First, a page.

Her holiday wish: to live to be 100 and to continue to sing in her church choir. Her doctors say she may just do that, given the success of the procedure, which is known as transcatheter aortic valve replacement, or TAVR.
Like many older patients, Valentine was too frail to undergo conventional surgery to replace her main heart valve, which was so clogged with calcium deposits that it couldn't open wide enough to adequately pump blood through her body. As a result of this condition, called aortic stenosis, she was chronically tired, couldn't perform everyday tasks, suffered from heart palpitations and swelling in her legs, and was at a much higher risk of heart failure and death.
Luckily, doctors at UCLA were able to help her using the new, minimally invasive TAVR procedure, which was approved last year by the U.S. Food and Drug Administration. Although other minimally invasive surgical procedures have been used on the aortic valve in the past, they relied on incisions in the chest wall and required cardiopulmonary bypass.
With the new procedure, far fewer surgical risks are involved. TAVR allows doctors for the first time to replace the aortic valve without a chest incision, and it only rarely utilizes a bypass machine, helping to prolong the lives of patients who aren't candidates for traditional surgery. The new valve is deployed using a catheter — a long tube that travels through an artery in the groin up to the heart. Once in place, the valve is opened and starts working immediately.
Procedures like TAVR offer new options for patients who are inoperable or excessively high-risk candidates for conventional open aortic-valve replacement surgery. Previously, these patients, who are often in their 80s and even 90s, had no choice but to accept a diminished quality of life or a shortened life.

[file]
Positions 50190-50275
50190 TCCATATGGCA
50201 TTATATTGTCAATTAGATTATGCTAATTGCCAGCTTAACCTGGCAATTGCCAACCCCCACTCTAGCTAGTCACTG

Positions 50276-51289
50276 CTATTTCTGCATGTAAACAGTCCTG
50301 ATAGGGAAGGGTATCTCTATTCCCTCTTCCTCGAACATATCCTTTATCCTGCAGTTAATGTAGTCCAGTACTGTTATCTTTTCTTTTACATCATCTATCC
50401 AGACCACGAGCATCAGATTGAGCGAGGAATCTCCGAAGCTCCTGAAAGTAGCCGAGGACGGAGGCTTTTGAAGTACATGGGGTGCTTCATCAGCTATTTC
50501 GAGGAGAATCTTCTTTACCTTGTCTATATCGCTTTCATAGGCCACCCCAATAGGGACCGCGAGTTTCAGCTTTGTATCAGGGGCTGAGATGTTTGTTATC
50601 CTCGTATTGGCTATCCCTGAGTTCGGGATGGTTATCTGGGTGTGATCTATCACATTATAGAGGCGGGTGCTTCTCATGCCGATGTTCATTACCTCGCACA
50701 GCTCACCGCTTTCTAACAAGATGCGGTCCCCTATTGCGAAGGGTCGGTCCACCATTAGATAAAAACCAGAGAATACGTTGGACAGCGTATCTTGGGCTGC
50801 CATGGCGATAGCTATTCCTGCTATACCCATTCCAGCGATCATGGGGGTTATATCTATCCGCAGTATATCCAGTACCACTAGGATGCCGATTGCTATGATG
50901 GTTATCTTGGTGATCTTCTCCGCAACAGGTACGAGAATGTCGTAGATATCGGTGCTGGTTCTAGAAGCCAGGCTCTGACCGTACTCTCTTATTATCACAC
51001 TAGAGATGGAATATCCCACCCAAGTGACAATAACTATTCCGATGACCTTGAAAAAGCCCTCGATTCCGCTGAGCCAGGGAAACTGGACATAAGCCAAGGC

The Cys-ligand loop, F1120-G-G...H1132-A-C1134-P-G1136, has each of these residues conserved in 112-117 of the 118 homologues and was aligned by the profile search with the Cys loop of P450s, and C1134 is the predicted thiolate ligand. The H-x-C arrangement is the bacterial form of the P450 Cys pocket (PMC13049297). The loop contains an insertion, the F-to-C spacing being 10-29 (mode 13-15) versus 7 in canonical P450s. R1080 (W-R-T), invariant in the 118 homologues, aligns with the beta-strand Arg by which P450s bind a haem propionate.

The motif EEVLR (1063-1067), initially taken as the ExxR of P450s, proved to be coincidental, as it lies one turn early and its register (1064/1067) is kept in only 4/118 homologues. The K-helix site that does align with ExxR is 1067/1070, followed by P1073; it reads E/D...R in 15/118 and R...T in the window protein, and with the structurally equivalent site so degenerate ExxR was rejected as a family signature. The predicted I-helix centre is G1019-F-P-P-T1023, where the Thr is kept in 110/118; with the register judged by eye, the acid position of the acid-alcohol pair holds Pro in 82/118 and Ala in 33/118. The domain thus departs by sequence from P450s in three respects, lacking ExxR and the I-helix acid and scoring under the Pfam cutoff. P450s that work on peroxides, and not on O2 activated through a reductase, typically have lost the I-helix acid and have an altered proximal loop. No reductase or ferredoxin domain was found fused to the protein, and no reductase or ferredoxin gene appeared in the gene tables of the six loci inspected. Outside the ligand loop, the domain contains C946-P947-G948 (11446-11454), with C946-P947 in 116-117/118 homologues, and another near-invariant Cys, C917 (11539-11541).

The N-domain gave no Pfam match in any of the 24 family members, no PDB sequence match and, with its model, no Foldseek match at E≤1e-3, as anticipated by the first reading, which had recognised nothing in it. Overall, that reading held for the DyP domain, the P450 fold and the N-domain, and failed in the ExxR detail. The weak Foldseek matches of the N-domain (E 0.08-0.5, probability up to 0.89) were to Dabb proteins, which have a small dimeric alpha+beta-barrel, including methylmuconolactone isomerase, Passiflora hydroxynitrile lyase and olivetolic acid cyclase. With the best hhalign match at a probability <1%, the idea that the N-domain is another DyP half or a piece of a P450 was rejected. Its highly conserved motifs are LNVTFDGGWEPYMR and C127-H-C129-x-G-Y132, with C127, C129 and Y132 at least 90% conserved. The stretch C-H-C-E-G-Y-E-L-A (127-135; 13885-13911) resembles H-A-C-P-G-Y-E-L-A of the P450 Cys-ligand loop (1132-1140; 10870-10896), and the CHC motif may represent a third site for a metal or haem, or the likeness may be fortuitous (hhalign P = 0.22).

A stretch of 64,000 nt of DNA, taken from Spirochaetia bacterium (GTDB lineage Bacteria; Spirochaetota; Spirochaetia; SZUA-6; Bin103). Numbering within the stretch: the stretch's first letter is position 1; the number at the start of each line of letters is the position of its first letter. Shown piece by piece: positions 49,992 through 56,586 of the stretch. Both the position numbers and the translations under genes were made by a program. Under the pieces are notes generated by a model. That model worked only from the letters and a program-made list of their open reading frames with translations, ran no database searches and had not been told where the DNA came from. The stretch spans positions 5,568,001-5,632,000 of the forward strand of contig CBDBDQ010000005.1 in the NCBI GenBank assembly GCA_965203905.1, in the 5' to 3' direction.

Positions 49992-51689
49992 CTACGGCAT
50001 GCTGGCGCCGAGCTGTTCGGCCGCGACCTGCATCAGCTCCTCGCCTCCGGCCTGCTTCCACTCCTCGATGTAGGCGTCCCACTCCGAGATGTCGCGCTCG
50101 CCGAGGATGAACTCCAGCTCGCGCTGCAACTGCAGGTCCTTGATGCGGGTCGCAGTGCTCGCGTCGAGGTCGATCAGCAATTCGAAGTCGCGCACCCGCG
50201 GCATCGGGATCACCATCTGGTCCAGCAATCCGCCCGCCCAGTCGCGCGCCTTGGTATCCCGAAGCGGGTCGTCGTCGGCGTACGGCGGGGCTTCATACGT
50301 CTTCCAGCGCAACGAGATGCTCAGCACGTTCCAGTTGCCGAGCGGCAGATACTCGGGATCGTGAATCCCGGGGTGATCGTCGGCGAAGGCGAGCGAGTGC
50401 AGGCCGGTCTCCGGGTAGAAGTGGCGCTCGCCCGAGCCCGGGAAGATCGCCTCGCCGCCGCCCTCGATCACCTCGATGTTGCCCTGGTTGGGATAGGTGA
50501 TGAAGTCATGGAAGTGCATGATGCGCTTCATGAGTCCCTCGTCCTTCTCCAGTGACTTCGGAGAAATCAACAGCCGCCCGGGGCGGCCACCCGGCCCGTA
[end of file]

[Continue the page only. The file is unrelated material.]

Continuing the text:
"This new procedure can give older patients a new lease on life and a chance to live better, longer," said Dr. Jonathan Tobis, a clinical professor of cardiology at the David Geffen School of Medicine at UCLA and director of interventional cardiology for the UCLA Health System.
Tobis noted that older patients with aortic stenosis who couldn't undergo traditional heart surgery previously had only a 50 percent chance of living two years after their symptoms were diagnosed.
Valentine is UCLA's oldest TAVR patient to date.
"These new, minimally invasive surgical techniques can really help extend and improve the quality of life for older patients who previously had few options," said Dr. Richard J. Shemin, chief of cardiothoracic surgery for the Geffen School of Medicine and the UCLA Health System. "It is our goal to provide the best valve replacement device and the least invasive technology, which allows our patients to resume a more normal life."
As for Valentine, she left the hospital just three days after her Nov. 14 TAVR procedure at Ronald Reagan UCLA Medical Center. Her doctors say her prognosis is good and that she can soon resume her regular activities.
Her son, Lynn Lawrence, who owns a beauty salon in Altadena, was concerned at the prospect of his mother having a heart procedure at such an advanced age. "However," he said, "I was just amazed at how well she's doing — even the first day after the procedure."
Valentine, who said her damaged heart used to pound so loudly it sounded like Louis Armstrong playing trumpet in her chest, now says walking and breathing are much easier. And since the procedure, she noted, her heart is much quieter. Dr. Shemin said that is due to her heart murmur stabilizing with better blood flow through the valve.
Valentine is eager to get back to singing soprano in both the Santa Monica Emeritus College Gospel Choir and the Redeemer Baptist Church choir. She's been performing since 1957 and says it really keeps her going. She even sang a medley of her favorite songs — "Love Lifted Me," "Amazing Grace" and "God Has Smiled on Me" — to her doctors from her hospital bed.
A Santa Monica resident since 1944, the family matriarch is also looking forward to enjoying the upcoming holidays with her seven grandchildren, seven great-grandchildren and three great-great-grandchildren.
TAVR is the latest in a trend of major surgical procedures now being performed without invasive surgery at UCLA. With this unique technology, cardiologists and heart surgeons work closely together in performing the procedure. Valentine's team included heart surgeons Dr. Shemin and Dr. Murray Kwon and cardiologists Dr. Tobis, Dr. William Suh and Dr. Gabe Vorobiof. Valentine's longtime cardiologist is Dr. Lawrence Lazar.
The cardiac team also relies on key anesthesiologists, nurses and technologists who help address the needs of each individual patient.
For more information about the TAVR procedure at UCLA, visit www.uclahealth.org/TAVR call 310-206-8232.